Referring now to FIGS. 1 through 5, the support 10 also includes a pivotable IV tubing support member 30. Tubing support member 30 has a pair of lateral arms 30a which are pivotally and adjustably mounted at their free ends to the handgrip portion 28 by means of a an adjustable and lockable pivot mechanism 40. A tubing support platform 30b transversely bridges the pair of lateral arms 30a and provides a flat wide surface on which intravenous tubing may be supported and secured. The free ends of lateral arms 30a are provided with vertical slots 30c therethrough for receiving the pivot mechanism. These free ends of the lateral arms 30a are placed over and slide on the side edges 24b at the handgrip portion 28, with the slots 30c being aligned with through holes 24e in the side edges 24b at the handgrip portion 28. The lateral arms 30a may be bowed slightly outwardly in their medial portion between their free ends and the tubing support platform 30b in order to provide adequate lateral clearance for the patient's hand.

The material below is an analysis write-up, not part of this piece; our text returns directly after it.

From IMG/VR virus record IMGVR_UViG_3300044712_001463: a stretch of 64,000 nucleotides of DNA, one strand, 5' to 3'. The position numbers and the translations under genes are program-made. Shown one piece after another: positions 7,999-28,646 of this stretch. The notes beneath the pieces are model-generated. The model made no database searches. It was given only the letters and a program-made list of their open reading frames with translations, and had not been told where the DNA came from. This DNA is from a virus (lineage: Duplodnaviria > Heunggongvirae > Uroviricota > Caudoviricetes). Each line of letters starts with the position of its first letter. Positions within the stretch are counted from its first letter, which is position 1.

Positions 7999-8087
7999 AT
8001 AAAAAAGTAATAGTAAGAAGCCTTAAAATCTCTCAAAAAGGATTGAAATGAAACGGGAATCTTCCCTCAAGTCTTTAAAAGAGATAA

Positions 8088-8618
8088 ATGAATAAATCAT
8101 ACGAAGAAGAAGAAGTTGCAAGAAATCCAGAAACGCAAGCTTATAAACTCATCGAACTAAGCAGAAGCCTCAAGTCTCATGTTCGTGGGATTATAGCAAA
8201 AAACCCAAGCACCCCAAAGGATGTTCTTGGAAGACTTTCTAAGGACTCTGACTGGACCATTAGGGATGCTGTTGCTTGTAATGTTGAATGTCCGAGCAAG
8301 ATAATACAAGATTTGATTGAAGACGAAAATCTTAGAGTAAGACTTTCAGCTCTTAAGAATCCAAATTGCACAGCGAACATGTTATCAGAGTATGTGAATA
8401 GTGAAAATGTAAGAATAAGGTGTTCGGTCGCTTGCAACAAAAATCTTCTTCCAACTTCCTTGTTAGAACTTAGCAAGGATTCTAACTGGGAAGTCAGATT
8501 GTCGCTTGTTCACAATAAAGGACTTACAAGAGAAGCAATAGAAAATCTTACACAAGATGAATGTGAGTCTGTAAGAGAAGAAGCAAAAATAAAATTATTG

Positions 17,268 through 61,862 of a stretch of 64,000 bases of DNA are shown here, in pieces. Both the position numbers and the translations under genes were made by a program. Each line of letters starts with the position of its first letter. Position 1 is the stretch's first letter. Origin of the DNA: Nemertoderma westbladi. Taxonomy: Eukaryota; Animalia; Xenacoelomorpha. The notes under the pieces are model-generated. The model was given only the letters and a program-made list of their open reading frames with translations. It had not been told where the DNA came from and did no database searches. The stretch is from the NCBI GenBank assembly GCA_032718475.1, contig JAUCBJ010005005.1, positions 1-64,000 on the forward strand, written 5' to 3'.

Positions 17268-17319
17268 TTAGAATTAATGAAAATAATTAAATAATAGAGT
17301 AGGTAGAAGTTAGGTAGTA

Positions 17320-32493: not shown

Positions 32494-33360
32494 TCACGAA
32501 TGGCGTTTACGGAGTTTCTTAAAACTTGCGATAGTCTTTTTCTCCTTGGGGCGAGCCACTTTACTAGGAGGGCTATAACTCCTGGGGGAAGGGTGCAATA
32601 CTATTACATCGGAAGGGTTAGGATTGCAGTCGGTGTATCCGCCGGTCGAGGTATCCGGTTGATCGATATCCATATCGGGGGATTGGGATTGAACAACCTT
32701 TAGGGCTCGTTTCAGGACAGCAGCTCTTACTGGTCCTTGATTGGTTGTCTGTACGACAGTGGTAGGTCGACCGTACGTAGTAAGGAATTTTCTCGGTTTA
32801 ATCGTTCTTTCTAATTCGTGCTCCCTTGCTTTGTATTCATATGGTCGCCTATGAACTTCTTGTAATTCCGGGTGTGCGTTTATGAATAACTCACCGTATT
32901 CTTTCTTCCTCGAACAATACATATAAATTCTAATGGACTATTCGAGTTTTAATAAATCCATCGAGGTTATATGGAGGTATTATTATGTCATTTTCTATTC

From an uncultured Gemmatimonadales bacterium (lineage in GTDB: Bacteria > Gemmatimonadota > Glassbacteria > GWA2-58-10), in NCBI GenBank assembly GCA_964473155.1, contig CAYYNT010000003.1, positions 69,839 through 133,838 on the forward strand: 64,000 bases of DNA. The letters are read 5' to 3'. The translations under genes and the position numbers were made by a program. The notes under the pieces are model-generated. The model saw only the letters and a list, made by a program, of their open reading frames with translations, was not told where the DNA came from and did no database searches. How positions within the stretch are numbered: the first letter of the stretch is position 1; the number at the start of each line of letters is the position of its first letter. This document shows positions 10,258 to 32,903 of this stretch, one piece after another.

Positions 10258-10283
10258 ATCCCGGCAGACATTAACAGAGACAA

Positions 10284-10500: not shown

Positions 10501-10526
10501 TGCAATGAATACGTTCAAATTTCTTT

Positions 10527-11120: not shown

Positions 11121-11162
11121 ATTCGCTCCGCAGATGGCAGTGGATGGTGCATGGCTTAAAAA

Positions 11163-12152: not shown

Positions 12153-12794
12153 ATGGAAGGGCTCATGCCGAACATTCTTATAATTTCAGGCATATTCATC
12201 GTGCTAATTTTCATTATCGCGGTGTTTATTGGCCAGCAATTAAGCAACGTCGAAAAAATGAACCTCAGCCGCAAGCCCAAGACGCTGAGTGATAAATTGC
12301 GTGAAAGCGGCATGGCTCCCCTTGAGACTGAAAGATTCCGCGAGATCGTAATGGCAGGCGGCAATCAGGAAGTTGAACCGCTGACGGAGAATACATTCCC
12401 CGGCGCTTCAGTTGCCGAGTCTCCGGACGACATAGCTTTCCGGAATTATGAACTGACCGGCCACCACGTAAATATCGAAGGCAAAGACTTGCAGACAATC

The lockable pivot mechanism 40 includes a cylindrical pivot body 42 which at one end is provided with a pivot pin 42a. A thumbwheel 42b is provided at the medial portion of the pivot body 42. The pivot body 42 is internally threaded or is provided internally with a threaded insert to accept, at its end opposite the pivot pin 42a, the threads of a screw 50. A cap 51 is fastenable on the end of the pivot pin 42a.